But for the Trump Administration’s current federal budget proposal there have been economic and financial analysis that have placed these figures under critical scrutiny. The CBO has stated that if the Administration’s budget proposal were enacted as planned it would result in budget deficits of $2.7 trillion greater than projected by the White House budget office. The CBO predicts that federal budget deficits will equal almost $10 trillion from the years 2020 to 2029. TheTrump Administration is only projecting budget deficits equaling $7.3 trillion. To make matters worse, the Trump Administration is projecting that it could reduce the federal budget deficit by $4.1 trillion over the next ten years but the CBO contradicts this statement by predicting that deficits would only be reduced by $1.5 trillion.

What is not helping the Administration with the deficit is the Tax Cut and Jobs Act (TCJA) passed in December 2017. The Trump Administration pushed the TCJA as a way to stimulate an already growing U.S. economy and to cut taxes. The Administration felt that by stimulating the American macroeconomy this would result in massive job creation and ultimately more tax revenues. However, this is not occurring. For example, in February 2019 the U.S. government had its largest monthly budget deficit in American history due to a reduction in collection of tax revenues while government expenditures soared to new heights.

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In February 2019, Federal government expenditures were $401 billion while revenues amounted to $167 billion. Even though tax receipts are usually weak in the month of February since American taxpayers are looking for refunds, for February 2019 tax collections were lower than the amount recorded in 2016. This could be part of a long-term trend because the CBOannounced in its latest economic forecast that, “Over the coming decade, deficits. . .[will] fluctuate between 4.1 percent and 4.7 percent of GDP, well above the average over the past 50 years,” averaging 4.4 percent annually from 2020 to 2029. The CBO report should be of deep concern since in the past 50 years, the annual federal budget deficit was, on average, only 2.9 percent of GDP. The situation only seems to get worse: for the first seven months of fiscal year 2019 the U.S. budget deficit increased 38 percent.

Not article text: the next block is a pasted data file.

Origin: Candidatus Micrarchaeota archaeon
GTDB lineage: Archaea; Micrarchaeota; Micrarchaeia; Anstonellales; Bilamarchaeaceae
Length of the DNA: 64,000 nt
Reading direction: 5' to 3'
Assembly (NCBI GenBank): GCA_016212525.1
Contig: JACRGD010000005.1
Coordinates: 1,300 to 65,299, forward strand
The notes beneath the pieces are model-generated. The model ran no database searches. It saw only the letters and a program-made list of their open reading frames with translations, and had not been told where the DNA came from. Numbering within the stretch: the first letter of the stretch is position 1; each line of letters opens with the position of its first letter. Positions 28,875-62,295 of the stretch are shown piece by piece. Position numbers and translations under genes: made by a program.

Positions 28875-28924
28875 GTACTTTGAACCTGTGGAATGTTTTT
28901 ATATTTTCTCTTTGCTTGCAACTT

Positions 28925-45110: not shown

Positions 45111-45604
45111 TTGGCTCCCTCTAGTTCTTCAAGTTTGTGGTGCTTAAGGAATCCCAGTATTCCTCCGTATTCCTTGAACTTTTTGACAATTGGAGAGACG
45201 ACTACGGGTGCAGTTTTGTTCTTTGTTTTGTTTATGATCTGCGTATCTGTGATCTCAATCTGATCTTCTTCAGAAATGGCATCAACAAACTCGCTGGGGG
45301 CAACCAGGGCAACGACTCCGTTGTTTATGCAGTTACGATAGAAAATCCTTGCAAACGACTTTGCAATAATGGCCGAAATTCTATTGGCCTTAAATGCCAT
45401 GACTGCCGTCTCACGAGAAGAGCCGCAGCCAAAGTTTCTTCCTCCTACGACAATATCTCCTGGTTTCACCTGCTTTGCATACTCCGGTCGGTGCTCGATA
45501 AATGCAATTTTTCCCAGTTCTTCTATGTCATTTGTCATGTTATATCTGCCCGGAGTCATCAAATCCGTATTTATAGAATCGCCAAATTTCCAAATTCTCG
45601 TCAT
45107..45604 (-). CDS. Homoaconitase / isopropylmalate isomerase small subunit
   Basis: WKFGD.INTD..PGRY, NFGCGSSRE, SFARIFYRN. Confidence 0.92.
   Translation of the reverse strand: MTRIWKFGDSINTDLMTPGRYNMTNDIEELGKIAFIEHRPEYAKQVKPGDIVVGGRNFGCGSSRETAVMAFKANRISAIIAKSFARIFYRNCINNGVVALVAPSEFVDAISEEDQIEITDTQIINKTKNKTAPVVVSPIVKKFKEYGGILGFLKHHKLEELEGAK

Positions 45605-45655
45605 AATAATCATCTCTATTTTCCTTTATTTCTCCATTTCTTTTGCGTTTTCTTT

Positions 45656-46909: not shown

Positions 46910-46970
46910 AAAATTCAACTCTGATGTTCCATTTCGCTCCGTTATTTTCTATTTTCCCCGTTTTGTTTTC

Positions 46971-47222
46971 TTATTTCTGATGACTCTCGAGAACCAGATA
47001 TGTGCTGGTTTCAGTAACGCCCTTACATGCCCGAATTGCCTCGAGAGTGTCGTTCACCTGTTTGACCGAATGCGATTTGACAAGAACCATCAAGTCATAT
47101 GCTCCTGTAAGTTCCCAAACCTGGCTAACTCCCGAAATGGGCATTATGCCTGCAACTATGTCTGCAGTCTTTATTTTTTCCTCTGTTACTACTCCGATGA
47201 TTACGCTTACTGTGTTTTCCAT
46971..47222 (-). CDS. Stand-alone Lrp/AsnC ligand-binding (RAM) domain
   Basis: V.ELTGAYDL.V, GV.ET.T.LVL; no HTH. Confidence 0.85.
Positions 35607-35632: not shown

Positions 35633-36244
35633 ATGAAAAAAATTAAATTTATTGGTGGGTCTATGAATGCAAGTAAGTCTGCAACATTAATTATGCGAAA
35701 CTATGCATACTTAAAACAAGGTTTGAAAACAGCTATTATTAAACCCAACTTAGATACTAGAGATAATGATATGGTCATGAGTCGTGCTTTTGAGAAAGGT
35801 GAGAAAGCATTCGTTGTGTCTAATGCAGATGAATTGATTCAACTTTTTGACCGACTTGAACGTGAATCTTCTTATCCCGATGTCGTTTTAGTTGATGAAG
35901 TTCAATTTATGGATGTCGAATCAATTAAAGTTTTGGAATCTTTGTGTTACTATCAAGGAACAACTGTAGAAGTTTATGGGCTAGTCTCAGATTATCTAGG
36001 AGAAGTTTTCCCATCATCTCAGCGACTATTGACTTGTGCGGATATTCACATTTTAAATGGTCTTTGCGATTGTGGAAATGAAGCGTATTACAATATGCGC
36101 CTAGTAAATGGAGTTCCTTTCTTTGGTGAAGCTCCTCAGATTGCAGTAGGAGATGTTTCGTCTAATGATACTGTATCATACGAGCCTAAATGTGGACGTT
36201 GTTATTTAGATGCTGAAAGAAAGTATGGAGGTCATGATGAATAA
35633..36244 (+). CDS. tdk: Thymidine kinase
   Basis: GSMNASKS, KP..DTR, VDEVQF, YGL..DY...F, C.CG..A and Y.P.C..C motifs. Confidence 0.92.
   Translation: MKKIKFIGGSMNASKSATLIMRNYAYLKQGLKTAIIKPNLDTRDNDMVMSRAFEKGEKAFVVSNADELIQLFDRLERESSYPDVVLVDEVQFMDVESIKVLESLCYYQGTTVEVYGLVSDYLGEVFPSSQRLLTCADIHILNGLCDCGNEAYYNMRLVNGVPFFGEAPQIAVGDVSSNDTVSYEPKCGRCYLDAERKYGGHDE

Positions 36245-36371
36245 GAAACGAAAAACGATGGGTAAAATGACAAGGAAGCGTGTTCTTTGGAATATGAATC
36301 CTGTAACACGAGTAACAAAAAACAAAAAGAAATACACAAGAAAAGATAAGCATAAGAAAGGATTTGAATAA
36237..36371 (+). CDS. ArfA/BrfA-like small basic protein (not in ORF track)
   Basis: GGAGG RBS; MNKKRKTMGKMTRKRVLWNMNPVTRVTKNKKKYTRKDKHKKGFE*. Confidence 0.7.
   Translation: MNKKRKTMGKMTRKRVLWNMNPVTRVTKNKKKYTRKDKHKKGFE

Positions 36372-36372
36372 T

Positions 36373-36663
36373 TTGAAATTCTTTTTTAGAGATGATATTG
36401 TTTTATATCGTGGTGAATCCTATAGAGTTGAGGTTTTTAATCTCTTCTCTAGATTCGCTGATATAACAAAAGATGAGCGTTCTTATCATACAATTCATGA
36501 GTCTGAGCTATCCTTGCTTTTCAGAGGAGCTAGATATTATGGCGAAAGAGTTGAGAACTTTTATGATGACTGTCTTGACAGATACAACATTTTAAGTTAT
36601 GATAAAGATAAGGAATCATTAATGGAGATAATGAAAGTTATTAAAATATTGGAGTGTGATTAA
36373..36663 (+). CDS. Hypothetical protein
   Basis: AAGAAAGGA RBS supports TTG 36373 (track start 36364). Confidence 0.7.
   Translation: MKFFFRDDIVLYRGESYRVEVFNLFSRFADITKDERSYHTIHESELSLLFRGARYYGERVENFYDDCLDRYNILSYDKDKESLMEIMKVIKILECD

Why Budget Deficits Matter

It has been stated in the past, that budget deficits do not matter. That is, they have no impact on the macroeconomy, the national or global economic health, or to such economic components as job growth. While so far that may be holding true, the future economic and financial impact could be another story. There can be several areas in which federal budget deficits will impact the American economy: